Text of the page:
The masi was recognized as possessing power or the ability to carry the strength of the gods. Worn as a turban by priests, or the koroi warrior dressed in new masi to celebrate his initiation with his first kill, the masi, either pure in feathery white or painted in intricate patterns, held an undisputed power that was utilized in the spiritual life of Fijians. It is that same power one feels today in the pieces the craftswomen make for non-commercial, or strictly ceremonial use.

Such was the power of mystery of the Fijian Islands that the Christian missionaries found necessary to overcome, to tame, and to save in the name of their Lord, Jesus Christ. Now with nearly all Fijians converted to Christianity, in one form or another, the ancestral spirit comes forth only under the misty veil of Christianity. And, even in the patterns of tapa that have survived from early days of missionary contact, one cannot help but look at them and wonder about the influence of early American patchwork quilts, an embroidered doily, or the lace trim from the dresses of missionary wives.

Much like the Celtic lore of the Lady of the Lake was absorbed into the description of the Virgin Mary, the spirit gods of pre-missionary Fiji still fulfill their needs in the undercurrent of everyday Fijian life and ritual. But even now, one cannot help but feel the power of the ancestral spirits as the mists once again veil the islands from sight many days of the year.

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A Woman's Art

The Fijian tapa is one area of traditional life that is a creation made wholly by the hands of the women. In the painted patterns are woven the stories they tell one another as the women sit together by day or by lamplight, sharing their duties in the communal life of the village. Their patterns evoke i yalo, a spirit, an aura of a presence stronger than the sum of the whole of the women whoÕve created the piece at hand.

Though the men are the traditional rulers, with the exception of women born to a chiefly status, the women of the village are the gears that make the communal clock tick forward. With the complex support created from the village, there is a system where one will always find food or sustenance. In the Fijian village there are no orphans for the children belong to the village and the mataqali (family clan). The villagers share the duties of cooking, washing, fishing, gardening, weaving of mats, the care of the children and for the old.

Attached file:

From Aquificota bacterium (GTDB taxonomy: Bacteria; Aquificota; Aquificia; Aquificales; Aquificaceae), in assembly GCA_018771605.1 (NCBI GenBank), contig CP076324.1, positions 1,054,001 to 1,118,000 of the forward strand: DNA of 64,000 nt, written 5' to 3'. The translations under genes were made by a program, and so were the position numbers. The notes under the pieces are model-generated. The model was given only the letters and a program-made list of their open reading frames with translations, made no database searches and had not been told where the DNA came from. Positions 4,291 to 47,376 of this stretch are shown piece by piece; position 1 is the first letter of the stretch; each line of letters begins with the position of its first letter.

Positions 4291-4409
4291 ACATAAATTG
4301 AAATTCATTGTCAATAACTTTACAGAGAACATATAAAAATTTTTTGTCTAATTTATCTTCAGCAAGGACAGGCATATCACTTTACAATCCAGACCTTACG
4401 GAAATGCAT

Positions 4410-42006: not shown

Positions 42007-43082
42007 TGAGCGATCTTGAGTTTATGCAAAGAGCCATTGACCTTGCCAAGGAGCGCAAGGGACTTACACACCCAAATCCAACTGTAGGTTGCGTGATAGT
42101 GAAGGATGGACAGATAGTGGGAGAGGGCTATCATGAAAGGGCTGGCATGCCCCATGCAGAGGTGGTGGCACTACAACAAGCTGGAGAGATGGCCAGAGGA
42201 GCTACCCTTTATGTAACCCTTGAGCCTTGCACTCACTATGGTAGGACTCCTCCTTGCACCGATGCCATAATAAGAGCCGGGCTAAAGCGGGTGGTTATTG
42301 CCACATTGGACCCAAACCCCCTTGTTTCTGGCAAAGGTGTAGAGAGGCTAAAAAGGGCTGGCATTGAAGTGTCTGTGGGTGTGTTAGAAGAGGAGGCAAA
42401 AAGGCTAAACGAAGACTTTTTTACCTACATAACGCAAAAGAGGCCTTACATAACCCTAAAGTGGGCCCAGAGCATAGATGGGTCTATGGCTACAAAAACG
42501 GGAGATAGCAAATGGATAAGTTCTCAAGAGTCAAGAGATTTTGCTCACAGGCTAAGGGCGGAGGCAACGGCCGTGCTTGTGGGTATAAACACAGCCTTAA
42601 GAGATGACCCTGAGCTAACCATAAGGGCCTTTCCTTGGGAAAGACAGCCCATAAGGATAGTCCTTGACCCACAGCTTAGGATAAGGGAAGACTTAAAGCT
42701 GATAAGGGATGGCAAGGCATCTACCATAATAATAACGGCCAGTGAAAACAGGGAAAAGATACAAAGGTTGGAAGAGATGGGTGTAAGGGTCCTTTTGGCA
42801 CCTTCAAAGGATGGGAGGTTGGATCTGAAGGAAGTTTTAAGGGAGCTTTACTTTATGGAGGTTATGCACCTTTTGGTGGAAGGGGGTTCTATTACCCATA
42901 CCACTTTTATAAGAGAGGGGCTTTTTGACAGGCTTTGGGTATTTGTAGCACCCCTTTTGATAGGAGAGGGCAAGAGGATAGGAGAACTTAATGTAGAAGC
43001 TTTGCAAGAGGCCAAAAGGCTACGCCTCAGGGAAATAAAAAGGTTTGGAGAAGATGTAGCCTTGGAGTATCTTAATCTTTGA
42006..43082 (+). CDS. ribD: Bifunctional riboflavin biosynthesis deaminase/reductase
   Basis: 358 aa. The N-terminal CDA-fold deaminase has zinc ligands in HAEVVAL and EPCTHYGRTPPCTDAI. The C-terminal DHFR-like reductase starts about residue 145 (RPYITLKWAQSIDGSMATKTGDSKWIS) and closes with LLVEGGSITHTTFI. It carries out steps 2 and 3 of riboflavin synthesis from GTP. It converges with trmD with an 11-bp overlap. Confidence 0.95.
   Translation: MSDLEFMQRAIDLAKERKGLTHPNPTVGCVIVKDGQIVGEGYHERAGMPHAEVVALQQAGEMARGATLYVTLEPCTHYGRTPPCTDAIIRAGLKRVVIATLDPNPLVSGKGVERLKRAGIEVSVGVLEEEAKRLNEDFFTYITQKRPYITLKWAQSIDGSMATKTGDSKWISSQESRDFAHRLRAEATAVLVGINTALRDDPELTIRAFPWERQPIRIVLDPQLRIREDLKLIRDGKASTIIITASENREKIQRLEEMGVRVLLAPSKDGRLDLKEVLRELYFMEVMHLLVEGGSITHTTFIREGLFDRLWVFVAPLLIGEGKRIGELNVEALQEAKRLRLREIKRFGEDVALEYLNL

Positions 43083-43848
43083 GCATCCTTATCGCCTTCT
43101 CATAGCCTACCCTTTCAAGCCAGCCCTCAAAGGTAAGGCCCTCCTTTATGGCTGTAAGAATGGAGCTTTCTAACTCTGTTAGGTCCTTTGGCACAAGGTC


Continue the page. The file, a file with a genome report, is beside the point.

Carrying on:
There are no wars for the warriors to fight and the men must find purpose in competing in a new world of business, formal government, and economics. In recent times, the Fijian government has found a place for a modern warrior in the area of international politics and Fiji has become a large contributor to peacekeeping forces around the world. In addition, Rugby payers who reach the level of international play are accorded a status akin to war heroes.

Economic and Government Control

Since gaining independence from the United Kingdom in 1970, Fiji has undergone tremendous changes in the focus of its economy. Sugar cane, a mainstay of the Fijian agricultural export products continues to play a large role in the economy, as does the export of gold from mines in the interior of the main island, Viti Levu an more recently on the second largest island of Vanua Levu.

But tourism has had the biggest impact on the the social, economic and developmental growth of this small island nation of just 750,000 people and around 300 islands. With nearly half the population consisting of descendents of Asian Indians imported to Fiji approximately 100 years ago as indentured labourers to work the sugar cane plantations, the Fijians have fiercely defended their right to control their destiny, including maintaining control of the government by constitutional means.

Since the military coups of 1987 ousted a perceived Indo-Fijian sympathetic government, a new constitution was been put in place guaranteeing the Fijians control of their government, with members of Parliament divided in terms of race and not simply political party affiliations. The coups had detrimental effects on the economy as foreign support was withdrawn by major supporters such as New Zealand, Australia and Britain.

The US also pulled back and advised American businessmen to stay clear of Fiji as it was considered an unstable foreign investment. In an effort to make Fiji more attractive and to compensate for the lack of confidence in future investments in Fiji, the Fijian government took measures that effectively devalued their currency to 70 percent of its original value. Although the immediate effects on the local economy appeared disastrous, food prices skyrocketed, foreign loans on electricity were now astronomical, cost of imported goods went up, the interim government worked hard to grapple with these and other challenges as they tried to set forth on a steady road towards economic growth and political stability.

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In the last two years, efforts were underway to adopt a revised constitution that adjust the balance of government and the way in which people of various races are represented. After a new constitution was accepted, Fiji was formally accepted back into the British Commonwealth in September 1997. But new difficulties lay ahead with the impact of the Asian economic crisis on Pacific economies. Fiji recently devalued its dollar in January 1998 by 20 percent for the first time since just after the coups of 1987. ItÕs impact has yet to be determined but initial affects are seen in its inability to attract foreign workers and the costs of fuel and other imported products increasing. Though there has been a decline in tourism due to the difficulties with Asian economies, those tourists travelling with US dollars can now see an exchange rate of as much as $2FJ to $1US.